F.I. I'm working myself into Drupal at my current employer because it's the prime go-to CMS here. It's like a live alice in wonderland trip. A strange historically grown mess, barely tamed by sanitiy and a relentless chaotic community that all by accident seem to come up with hacks that somehow solve the problem in some way. And yet there's a solid global corporation building its business all around Drupal [acquia.com]. The surreal hacks with which the Drupal people solve their problems are mindboggling, and yet everybody seems totally OK with it. And Drupals track record of deployments is impressive.

    I guess with PHP it's somehow like the C vs. Lisp argument: C is so shitty compared to Lisp that you have to get yourself together and work as a team, or you won't get anything done. Hence Lisp has this loner exisitance on the side and all the real work gets done in this ancient C thing.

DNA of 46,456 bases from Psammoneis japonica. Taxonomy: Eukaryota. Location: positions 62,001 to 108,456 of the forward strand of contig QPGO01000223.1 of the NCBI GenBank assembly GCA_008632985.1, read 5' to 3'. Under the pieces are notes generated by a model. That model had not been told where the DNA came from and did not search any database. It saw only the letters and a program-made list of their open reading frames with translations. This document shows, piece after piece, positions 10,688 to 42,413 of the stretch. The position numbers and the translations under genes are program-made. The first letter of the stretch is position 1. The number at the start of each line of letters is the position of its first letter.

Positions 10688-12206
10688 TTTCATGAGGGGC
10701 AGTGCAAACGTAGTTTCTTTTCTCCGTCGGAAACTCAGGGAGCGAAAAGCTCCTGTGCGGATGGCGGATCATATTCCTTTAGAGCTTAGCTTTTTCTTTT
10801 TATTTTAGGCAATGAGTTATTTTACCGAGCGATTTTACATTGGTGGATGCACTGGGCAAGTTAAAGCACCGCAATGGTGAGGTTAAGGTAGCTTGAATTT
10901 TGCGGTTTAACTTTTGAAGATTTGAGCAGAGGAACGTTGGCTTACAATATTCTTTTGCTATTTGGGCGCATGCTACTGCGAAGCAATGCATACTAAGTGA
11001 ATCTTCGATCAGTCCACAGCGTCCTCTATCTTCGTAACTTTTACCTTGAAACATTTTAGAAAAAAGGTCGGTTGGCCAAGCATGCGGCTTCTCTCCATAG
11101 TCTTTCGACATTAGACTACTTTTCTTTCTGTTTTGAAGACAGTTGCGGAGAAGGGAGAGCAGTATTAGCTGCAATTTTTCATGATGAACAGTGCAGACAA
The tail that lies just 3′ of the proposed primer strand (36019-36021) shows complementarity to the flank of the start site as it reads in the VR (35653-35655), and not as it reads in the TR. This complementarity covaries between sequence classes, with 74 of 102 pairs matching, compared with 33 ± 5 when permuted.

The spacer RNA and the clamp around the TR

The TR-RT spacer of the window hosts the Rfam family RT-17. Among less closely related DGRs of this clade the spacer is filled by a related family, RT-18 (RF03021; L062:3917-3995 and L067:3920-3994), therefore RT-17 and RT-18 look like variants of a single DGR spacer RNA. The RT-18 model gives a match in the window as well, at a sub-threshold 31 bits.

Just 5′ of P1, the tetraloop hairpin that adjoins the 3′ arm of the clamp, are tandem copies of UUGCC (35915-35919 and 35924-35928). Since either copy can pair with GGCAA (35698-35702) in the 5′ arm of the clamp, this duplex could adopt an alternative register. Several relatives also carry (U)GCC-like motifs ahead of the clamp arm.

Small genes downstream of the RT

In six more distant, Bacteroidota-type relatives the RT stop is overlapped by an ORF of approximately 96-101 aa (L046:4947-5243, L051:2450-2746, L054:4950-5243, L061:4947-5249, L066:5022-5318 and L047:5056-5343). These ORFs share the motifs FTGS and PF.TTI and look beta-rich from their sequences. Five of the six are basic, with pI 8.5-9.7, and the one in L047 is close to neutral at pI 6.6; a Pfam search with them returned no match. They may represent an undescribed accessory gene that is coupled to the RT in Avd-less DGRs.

PHP is a simular thing. It is so bad that no respectable programmer would pick it up voluntarly nowadays, but yet it grew out of Perl (which is worse in some ways), was somewhat of an improvement and was at the right place at the right time. The badness of PHP accounts for its considerable lack of arrogance (compare the PHP community to the Ruby community for instance) and for no one feeling guilty when he does a quick bad hack.

    As a programmer you don't feel dirty when you do bad programming in PHP, you already felt that when you picked PHP as the solution. Hence quite a bit of work gets done in PHP. That's why PHP has Drupal and Typo3 and Joomla and the Java Community has nothing of that proportions. The barrier of entry into PHP is *very* low which gives it its momentum.

    My 2 cents.

APL is a write-only language. I can write programs in APL, but I can't read any of them. -- Roy Keir